Wednesday, January 21, 2009

A Year in Wine Numbers

I owe my parents a lot. And I don't just mean four years of college and 18 years of room and board (plus an extra 9 months' rent, according to my mom). From my dad I inherited an engineering bent, entrepreneurial spirit, and a high sensitivity to acetaldehyde and methoxy-pyrazines. From my mom I inherited musical sense and a love of numbers, metrics, data, whatever you want to call it - I'm a statistics junkie.

When it comes to wine statistics, CellarTracker is a gold mine. There's a huge amount of data (69,000 users as of 2008), and behind CT's butt-ugly interface hides an excellent tasting note organization system which I have personally taken advantage of ... 430 times to date. After about 15 months of wine tasting, I decided to satisfy my statistical curiosity.

Before I get into the numbers, I should acknowledge that CT scores suffer from several sources of noise, including but not limited to:

  • Palate variance: experience levels, genetic perception thresholds
  • Bottle variance: change over time, bottle flaws (not always recognized by tasters), other bottle variation
  • Conditions: temperature, glassware, accompanying food, ambient aromas
  • Scoring systems: A 90 point score means different things to different people
My personal scoring system can be described as follows:
  1. Wines are scored without regard to price. In other words, if I perceive a $4 wine to be of equal quality as a $100 wine, I will give them identical scores.
  2. I do not score wines that are flawed, or that I believe have low levels of acetaldehyde (from oxidation).
  3. I score wines on a 50-100 point scale based on intellectual and emotional reactions:
    • 50-60 points: "I cannot drink this without gagging. I want to kill the winemaker."
    • 60-70 points: "You'd have to pay me to drink it, but I probably wouldn't vomit."
    • 70-80 points: "Not horrible, but has several pretty glaring flaws."
    • 80-85 points: "I'd drink it, but it's not exciting."
    • 85-90 points: "Pretty good, interesting."
    • 90-95 points: "Holy crap, that is really friggen good and fascinating to drink!"
    • 95-100 points: "The ground is shaking, the clouds are singing!"
Here's a graph of my score distribution compared to CT's. I'm happy to note that my scores follow an approximate Gaussian distribution that is more centered than the CT distribution. The sparseness of the bars in the low end is probably an artifact of how I score - there's just less resolution between terrible and not-so-terrible wines than there is between excellent, complex wines. Plus who wants to agonize over 63 points vs. 64 points? I tend to just round to the nearest 5 or 10. NOTE: The bars at 49 points represent non-scored wines, including flawed bottles.




Next I looked at the geographical spread of my tasting notes. Because of wine's intimate connection with terroir and culture, I love to imagine that each bottle takes me on a brief trip to its birthplace. Walking through a wine store is like browsing a global travel catalogue. When it comes to countries, France and the US dominate. The only reason Italy follows is because I tasted over 60 Italian wines in just a few hours at a trade tasting last September.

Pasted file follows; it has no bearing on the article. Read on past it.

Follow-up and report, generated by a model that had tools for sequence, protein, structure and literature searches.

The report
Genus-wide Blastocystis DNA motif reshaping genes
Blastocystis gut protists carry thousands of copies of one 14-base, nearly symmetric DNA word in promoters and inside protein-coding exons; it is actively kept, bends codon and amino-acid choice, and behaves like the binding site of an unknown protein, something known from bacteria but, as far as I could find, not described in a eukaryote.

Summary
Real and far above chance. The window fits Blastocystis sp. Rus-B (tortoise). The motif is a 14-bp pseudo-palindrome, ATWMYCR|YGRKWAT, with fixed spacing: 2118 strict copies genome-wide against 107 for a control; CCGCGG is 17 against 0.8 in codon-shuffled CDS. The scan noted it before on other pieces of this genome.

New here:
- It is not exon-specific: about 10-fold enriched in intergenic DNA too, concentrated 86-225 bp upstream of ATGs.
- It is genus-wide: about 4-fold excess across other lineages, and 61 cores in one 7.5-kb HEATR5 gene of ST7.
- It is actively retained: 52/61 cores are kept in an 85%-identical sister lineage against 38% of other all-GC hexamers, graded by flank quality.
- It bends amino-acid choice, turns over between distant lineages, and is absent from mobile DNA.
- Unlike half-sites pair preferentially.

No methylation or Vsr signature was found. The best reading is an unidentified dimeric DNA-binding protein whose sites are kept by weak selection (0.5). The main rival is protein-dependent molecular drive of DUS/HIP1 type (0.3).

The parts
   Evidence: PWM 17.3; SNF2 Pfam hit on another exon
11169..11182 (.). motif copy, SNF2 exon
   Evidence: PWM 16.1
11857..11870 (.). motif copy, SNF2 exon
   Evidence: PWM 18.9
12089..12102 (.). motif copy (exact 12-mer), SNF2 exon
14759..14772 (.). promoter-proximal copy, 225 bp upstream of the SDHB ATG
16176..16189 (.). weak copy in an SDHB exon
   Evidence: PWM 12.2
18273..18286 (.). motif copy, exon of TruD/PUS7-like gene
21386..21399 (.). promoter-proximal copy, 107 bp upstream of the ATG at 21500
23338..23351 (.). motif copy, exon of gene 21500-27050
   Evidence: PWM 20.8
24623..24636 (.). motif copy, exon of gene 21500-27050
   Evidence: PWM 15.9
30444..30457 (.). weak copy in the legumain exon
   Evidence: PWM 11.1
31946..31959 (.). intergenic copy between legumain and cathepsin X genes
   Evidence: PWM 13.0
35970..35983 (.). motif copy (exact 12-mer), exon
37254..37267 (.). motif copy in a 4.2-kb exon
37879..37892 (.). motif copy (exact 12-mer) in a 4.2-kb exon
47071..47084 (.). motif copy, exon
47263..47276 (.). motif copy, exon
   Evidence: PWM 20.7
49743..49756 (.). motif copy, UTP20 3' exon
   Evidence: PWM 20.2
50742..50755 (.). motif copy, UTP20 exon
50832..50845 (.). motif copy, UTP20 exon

Looking closer at the region level, it appears that California dominates. However this is largely a side effect of my job last summer working in various vineyards. Most of my tasting has centered around various French regions, resulting in a rather crowded "Other" category.

Finally I decided to look at the different varietals I've tried. California was the first region to exalt the varietal, labeling even blended wines by grape (15% other varietals are allowed). When it comes to blends, varietal character is difficult to discern, though not impossible. There are thousands of varietals out there, though only a handful produce great wines. There's even a 100 Varietal Club, for people who have tasted 100 different varietals and want a silly plaque on their wall. As of my last count, I've tasted 93 varietals, just short of the 100. Given some of the terrible non-vinifera strains and obscure French cultivars I've tried, I'm not too keen on tasting more obscure varietals, even for a pretty plaque.



Finally I looked up my top 5 wines so far. They represent three different countries and all come from different appellations. Each one was a surprise and a revelation - a profound learning experience:

1. Sean Thackrey "Pleiades" XV old vines (Bolinas, CA) - A wonderfully complex, delicious blend from a visionary winemaker (95 points)

2. '96 Taluau Vieilles Vignes (St.-Nicholas de Bourgueil) - A stunning wine from left field - aged cabernet france, in all its stewed bell pepper and cassis glory (95 points)

3. '00 Guigal Cote-Rotie "La Mouline" - Aged over 30 months in new oak, yet its delicate body doesn't show it. Tiramisu, blackberry, and bacon (94 points)

4. '05 Melis (Priorat, Spain) - Pure fruit wrapped in astounding layers of oak treatment, producing caramel, roasted nuts, and coffee (93 points)

5. '98 Chateau Kirwan (Margaux) - My first aged Bordeaux - not something I'll likely forget anytime soon (93 points)

2 comments:

Vandy-Montana said...

As a biomedical engineer...I loved this post.

Keep it up.

Craig

Rajiv said...

Thanks for reading, Craig!